By day we found a hipster coffee shop to work in called Hello, Kristoff – whose team uniform seemed to be beanies, skinny jeans, and beards – and after we would make the most of the long evenings and walk around the historic old town, the waterfront, up and down the steep cobbled hills with colourful street-art walls, and take in the views at the miradours overlooking the bay and lookalike Golden Gate Bridge.

We drank cold Portuguese beers and vinho verde, and supped on the speciality, bacalau, as well as Portuguese tapas.

Needless to say, Lisbon enchanted me for a second time and I could see parallels to what drew me to Granada with its cool understated rough-around-the-edges vibe.

After the capital we moved north, up to Porto, the second biggest city, and famous for not much else other than Port, the sweet fortified wine. The place had come recommended so I suggested we go there in the hope that it would be as good as Lisbon!

Firstly, if you think Lisbon is rough-around-the-edges, then go to Porto. But I don’t mean that in a bad way! Lisbon has its hipster ways but Porto is right behind it – just give it a few years…

For instance, you won’t find a Hello, Kristoff, but you will find a retro music shop-come-bar, or an old church converted into a restaurant, and even a craft beer pub run by a grey-whiskered old man.

Another thing that fascinated me about Porto – which I also saw noticed in Lisbon – were the crumbling abandoned townhouses, in their ruinous but romantic ways, calling out to be loved. You could still see their beautiful architecture beneath the peeling paint and boarded up windows.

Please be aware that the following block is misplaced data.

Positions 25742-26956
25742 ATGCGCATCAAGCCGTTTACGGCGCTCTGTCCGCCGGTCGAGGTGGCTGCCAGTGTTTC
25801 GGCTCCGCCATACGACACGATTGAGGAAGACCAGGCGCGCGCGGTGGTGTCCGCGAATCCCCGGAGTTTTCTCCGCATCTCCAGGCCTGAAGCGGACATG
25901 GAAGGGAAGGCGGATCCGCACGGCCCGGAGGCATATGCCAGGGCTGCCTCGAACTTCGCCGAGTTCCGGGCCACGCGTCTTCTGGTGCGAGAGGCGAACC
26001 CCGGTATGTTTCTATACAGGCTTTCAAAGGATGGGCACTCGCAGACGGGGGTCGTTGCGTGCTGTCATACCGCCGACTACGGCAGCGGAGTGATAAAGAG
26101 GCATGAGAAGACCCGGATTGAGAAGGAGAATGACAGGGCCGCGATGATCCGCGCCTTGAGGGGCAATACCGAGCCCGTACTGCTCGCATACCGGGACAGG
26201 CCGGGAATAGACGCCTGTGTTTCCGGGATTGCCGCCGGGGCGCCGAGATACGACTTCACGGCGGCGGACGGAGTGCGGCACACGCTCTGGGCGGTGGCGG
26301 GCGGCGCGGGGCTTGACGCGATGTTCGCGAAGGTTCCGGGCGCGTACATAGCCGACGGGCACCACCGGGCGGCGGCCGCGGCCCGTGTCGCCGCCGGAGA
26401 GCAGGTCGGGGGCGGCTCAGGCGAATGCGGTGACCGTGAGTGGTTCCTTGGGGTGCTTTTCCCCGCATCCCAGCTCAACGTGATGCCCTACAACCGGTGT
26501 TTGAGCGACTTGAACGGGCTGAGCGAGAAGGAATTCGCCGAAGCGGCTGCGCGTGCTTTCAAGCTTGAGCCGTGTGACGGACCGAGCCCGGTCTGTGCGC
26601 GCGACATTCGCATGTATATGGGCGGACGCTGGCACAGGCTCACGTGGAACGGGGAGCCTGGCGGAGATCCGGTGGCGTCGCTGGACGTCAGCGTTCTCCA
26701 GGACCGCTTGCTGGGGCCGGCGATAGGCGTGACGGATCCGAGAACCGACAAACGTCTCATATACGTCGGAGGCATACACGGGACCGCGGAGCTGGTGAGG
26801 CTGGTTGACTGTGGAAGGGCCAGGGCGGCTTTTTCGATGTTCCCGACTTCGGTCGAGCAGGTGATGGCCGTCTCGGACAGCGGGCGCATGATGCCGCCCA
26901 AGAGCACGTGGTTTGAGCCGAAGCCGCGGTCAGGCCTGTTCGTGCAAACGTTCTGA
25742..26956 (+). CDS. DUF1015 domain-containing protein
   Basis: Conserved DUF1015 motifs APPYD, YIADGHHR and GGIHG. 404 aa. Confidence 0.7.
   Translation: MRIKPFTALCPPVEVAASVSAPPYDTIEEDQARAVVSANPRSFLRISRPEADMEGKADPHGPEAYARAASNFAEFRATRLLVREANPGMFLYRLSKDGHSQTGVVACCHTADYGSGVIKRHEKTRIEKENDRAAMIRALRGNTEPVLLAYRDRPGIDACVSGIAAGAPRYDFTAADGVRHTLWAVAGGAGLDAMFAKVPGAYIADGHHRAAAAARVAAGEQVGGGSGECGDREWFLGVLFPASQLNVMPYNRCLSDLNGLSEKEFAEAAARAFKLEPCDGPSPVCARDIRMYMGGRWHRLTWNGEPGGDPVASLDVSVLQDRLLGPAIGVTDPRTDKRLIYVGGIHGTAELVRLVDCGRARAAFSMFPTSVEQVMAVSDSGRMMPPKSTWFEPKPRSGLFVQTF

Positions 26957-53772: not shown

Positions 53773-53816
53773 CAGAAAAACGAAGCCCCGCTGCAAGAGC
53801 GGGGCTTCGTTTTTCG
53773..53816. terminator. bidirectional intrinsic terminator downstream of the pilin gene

Lucas can tell you how many times I made him stop and look as I lamented about the state of these wonderful but woebegone buildings, wondering about their history and how and why they were left as they were…

porto 1

porto 3

However, the conventional beauty of Porto, lay down by the river – where you’d also find all the tourists – with Gaia on the otherside of the old steel bridge.

And, like the tourists, we ticked the boxes: did the river thing, crossed the bridge, and drank a glass of Port at the end of it to round off our time in Portugal.

By this point, we’d experienced a fair amount of Iberia; we’d remastered conversational Spanish, nailed the siesta thing, struggled with our non-existent Portuguese but loved the country nonetheless, and finally decided that getting free food when you ordered a beer (aka tapas) was just the best.

But it was time for a culture change and our plans were to head further East, first to Amsterdam for a week in an Airbnb with a cat called Wallie, before a quick stop in Hamburg, a festival in Budapest, then on into Slovenia and the Balkans.

It’s all go – and as I said, time flies…

Oh, and in all the miles we’ve travelled in Europe so far, not once have we had to show our passports or go through immigration! The joy of travelling in the Schengen.